“Jason,” Mr. Sheridan said. “Take a seat and we can begin.”
Jason stepped to the only empty seat, the one on the end of the table, and sat down. All eyes were on him and once again he felt a moment of discomfort. This gathering would be examining his plan in detail and, whether he liked it or not, their decision would decide whether it succeeded or not.
“So, Jason,” Mr. Sheridan said. “We’re here because we think that your plan may have some merit to it. Explain it again in full with all of the details so that we know exactly what will be required of us and the people.”
For a long time Jason explained his plan much as before in the tavern but with many more details. The men would periodically stop him to ask questions and challenge certain aspects of the plan, but Jason was never stumped. He had thought through the situation thoroughly and had contingency plans for everything except for one situation. He didn’t bring it up himself and hoped that no one would think of it, not only because he thought it unlikely but also because it would be the single most detrimental thing that could ever happen during his scheme. To his relief, no one at the table thought to ask the right question, and an hour after Jason began, they had all agreed to the plan. During this whole process, one of the men, one of the only educated peasants, had been writing on several sheets of paper. When the council had finished questioning Jason, he spread his notes across the table with two large maps, one of the surrounding areas and one of the whole country. With a pencil, he began to mark lines and symbols on the maps, indicating the different stages in Jason’s plan.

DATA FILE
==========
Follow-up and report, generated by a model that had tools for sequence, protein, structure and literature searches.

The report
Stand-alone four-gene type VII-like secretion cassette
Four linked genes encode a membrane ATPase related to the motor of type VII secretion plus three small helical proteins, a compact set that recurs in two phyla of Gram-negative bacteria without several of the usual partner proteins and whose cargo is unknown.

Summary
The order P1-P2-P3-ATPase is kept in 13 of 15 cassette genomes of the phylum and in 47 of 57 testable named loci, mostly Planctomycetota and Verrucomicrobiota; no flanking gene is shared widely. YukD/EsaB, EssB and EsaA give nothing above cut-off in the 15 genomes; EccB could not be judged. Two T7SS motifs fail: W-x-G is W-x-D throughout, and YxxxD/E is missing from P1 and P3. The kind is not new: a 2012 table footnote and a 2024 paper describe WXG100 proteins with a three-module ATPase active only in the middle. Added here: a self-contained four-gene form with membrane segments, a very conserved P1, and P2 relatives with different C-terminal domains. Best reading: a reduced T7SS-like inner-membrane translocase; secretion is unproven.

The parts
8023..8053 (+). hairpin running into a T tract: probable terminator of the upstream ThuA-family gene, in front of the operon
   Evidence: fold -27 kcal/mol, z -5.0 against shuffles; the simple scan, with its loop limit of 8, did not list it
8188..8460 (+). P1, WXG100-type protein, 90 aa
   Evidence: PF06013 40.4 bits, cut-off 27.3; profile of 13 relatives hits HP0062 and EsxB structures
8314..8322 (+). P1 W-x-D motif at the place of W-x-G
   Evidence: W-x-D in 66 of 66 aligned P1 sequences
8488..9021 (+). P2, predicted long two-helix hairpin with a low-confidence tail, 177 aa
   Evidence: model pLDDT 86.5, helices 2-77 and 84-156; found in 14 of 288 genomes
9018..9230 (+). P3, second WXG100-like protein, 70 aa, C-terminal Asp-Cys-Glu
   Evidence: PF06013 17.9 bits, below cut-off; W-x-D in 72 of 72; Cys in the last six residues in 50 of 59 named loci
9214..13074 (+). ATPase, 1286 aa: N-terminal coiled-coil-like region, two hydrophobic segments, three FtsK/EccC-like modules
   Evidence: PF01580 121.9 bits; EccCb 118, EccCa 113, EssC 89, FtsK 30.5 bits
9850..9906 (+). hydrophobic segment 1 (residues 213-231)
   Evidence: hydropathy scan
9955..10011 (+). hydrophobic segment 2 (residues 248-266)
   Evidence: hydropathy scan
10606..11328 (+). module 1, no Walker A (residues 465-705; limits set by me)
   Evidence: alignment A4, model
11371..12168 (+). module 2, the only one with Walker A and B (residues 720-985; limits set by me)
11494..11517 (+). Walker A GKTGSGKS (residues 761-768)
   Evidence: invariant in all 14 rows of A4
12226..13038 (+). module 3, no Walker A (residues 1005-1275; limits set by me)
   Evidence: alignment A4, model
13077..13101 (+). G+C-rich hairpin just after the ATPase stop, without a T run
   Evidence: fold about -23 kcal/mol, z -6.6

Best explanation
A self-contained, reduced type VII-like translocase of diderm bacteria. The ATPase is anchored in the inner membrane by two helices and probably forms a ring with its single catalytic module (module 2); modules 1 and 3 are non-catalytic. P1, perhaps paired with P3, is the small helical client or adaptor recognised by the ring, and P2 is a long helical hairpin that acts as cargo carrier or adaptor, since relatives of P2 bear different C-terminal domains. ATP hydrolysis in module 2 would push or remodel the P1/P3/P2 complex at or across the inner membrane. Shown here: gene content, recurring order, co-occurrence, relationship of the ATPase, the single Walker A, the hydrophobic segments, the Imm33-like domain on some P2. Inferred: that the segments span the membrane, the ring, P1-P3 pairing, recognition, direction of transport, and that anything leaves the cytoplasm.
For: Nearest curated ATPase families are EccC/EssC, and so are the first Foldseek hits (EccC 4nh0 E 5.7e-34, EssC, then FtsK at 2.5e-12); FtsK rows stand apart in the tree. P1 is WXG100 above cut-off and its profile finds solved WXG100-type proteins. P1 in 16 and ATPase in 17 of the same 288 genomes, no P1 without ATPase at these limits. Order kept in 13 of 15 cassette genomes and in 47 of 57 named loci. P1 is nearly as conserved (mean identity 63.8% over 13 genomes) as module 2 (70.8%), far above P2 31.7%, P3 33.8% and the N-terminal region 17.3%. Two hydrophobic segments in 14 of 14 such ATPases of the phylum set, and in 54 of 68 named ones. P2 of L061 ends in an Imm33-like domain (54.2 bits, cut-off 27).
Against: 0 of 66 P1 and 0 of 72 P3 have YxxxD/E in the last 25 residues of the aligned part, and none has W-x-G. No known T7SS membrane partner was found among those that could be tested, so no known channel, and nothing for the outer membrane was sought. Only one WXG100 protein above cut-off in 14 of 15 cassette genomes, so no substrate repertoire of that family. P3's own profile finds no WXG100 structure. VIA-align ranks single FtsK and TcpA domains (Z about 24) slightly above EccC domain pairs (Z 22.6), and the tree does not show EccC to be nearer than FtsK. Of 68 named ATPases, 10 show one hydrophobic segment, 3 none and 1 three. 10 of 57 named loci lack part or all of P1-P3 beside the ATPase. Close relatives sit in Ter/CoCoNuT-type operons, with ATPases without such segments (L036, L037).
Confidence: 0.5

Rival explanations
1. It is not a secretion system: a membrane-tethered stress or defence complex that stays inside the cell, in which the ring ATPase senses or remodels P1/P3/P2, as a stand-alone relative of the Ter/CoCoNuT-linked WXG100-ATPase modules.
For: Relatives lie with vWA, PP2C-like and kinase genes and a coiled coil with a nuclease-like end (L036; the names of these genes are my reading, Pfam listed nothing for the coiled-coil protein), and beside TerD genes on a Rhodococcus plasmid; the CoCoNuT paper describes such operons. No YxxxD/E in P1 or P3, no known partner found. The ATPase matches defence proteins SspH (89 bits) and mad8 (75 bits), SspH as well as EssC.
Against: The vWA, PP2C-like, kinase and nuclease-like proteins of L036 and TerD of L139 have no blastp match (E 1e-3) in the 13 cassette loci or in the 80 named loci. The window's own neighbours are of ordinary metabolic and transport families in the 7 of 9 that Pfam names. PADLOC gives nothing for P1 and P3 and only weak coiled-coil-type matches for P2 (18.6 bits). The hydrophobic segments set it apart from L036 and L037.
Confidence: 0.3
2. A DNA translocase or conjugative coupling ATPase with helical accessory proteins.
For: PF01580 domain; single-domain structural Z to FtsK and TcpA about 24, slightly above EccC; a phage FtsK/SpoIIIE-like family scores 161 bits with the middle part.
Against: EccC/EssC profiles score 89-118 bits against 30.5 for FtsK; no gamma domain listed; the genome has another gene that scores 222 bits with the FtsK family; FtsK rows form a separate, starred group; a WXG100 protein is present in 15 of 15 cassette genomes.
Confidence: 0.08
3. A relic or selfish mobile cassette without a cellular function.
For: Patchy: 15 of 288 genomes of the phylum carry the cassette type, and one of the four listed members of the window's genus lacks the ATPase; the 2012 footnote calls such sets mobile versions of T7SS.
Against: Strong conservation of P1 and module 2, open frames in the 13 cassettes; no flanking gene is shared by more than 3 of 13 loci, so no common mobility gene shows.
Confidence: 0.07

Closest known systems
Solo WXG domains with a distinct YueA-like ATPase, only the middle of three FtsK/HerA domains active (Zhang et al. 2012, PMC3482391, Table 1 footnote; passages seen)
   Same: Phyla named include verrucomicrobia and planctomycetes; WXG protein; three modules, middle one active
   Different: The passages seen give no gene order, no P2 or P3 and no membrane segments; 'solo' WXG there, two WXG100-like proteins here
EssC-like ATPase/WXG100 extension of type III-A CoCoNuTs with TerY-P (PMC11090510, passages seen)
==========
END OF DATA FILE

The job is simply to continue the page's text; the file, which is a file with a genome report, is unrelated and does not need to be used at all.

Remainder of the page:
Jason watched as the process continued, amazed at the way in which the scribe was able to transpose his plan onto the maps. He was unfamiliar with all of the symbols that were used but was still able to get a fairly specific idea of what was being drawn. Probably because he had invented the plan and knew all parts of it intimately. He listened to the scribe talk as he wrote, correcting him occasionally. In a quarter of an hour, the whole thing was on the maps on the table and another discussion began. Once again, the council began to question and discuss different aspects of the plan, and Jason had to defend them again. Several suggestions were made to improve the plan, many of which he refuted and dismissed easily, but some of which he agreed with a saw implemented. One of the most obvious was that he had planned on waiting until all of the peasants were assembled to talk to them, but one of the men in the room suggested sending out riders to meet the armies coming from each village to talk to them separately. This way, the opinions of a large crowd wouldn’t affect the arguments that were being made. Should one group of villagers reject them, the others might still agree. This would also give the conspirators a larger support base when they reached the barons’ armies.